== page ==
The Washington Nationals has become the first Major League Baseball team to part ways with employees over a COVID vaccine mandate. Team sources have confirmed to ESPN that vice president Bob Boone has told the Nationals he will resign instead of complying. Sources tell the Athletic that eight scouts have been told they won't be with the team next season, and the vaccine policy is the reason for at least two of the departures. The Nationals said last week that vaccination had been made mandatory for all full-time staff. "Employees were notified of this policy on Aug. 12 and had until Aug. 26 to either provide proof of full vaccination, proof of first shot or apply for an exemption," the team said.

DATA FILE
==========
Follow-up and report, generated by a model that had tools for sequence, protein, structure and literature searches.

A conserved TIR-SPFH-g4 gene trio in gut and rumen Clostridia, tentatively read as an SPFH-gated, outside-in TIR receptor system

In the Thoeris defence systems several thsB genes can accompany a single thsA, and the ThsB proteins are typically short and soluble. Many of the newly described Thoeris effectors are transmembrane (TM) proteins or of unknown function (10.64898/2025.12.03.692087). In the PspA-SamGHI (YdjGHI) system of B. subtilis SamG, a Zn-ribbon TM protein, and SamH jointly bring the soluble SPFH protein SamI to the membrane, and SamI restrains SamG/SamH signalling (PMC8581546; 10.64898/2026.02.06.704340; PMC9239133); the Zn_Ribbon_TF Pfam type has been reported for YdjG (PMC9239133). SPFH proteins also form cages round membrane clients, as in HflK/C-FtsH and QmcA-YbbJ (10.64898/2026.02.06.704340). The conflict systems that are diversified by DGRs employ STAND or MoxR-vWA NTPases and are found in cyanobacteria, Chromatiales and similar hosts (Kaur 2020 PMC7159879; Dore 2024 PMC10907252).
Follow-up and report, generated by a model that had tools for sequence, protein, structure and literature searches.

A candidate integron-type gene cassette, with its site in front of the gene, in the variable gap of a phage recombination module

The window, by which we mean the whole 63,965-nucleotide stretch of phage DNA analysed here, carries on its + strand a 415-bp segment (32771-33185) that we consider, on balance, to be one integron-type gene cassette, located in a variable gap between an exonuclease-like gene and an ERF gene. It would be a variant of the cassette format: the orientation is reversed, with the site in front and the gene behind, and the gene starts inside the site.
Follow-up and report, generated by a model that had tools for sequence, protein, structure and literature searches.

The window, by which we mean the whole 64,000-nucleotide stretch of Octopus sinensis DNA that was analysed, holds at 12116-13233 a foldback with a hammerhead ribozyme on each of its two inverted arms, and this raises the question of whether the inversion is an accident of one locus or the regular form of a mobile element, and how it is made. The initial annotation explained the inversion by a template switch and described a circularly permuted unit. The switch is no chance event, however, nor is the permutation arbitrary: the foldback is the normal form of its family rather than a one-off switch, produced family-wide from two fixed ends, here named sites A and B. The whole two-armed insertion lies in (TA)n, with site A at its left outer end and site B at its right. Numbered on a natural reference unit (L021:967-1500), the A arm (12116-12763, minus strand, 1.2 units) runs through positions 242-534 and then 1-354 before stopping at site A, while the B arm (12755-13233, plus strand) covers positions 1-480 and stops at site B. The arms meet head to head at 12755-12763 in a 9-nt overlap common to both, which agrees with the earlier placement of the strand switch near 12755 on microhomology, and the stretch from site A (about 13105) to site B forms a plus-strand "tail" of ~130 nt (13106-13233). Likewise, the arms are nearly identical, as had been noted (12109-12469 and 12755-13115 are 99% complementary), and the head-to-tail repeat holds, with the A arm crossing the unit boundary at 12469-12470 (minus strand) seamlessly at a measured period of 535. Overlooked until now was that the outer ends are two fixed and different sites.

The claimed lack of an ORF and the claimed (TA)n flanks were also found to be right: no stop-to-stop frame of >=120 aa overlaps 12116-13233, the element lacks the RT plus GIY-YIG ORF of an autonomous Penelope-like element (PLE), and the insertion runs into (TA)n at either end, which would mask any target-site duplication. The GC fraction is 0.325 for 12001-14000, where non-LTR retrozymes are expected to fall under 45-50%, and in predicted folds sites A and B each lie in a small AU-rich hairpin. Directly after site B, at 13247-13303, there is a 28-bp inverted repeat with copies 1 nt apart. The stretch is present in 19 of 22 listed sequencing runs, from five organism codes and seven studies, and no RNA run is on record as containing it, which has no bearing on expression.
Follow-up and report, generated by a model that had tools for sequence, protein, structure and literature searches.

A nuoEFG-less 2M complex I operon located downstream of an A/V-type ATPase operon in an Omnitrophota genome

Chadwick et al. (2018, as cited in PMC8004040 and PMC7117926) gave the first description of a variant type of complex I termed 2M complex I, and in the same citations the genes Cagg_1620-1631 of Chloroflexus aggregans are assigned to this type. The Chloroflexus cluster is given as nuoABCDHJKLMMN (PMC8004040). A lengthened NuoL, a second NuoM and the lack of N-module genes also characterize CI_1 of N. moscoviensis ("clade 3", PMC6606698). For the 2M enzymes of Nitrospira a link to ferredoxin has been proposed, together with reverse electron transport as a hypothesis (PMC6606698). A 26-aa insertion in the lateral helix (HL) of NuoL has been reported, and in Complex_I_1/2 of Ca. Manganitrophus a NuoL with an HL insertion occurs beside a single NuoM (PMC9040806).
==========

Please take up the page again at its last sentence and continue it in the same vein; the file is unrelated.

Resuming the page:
Boone, a former catcher and four time-All Star, has been with the Nationals since 2004 and became a VP and senior adviser to general manager Mike Rizzo in 2015, the AP reports. He is the father of New York Yankees manager Aaron Boone, who announced in March that he had been vaccinated. Boone, 73, tells the Washington Post that he is "unfortunately" parting ways with the Nationals. Other unvaccinated employees are now on unpaid administrative leave and will have their contracts terminated if they don't get the shot by Sept. 15, the Post reports. Players, meanwhile, are not required to be vaccinated because the players' union and MLB failed to reach an agreement on a vaccine mandate. (Read more vaccine mandate stories.)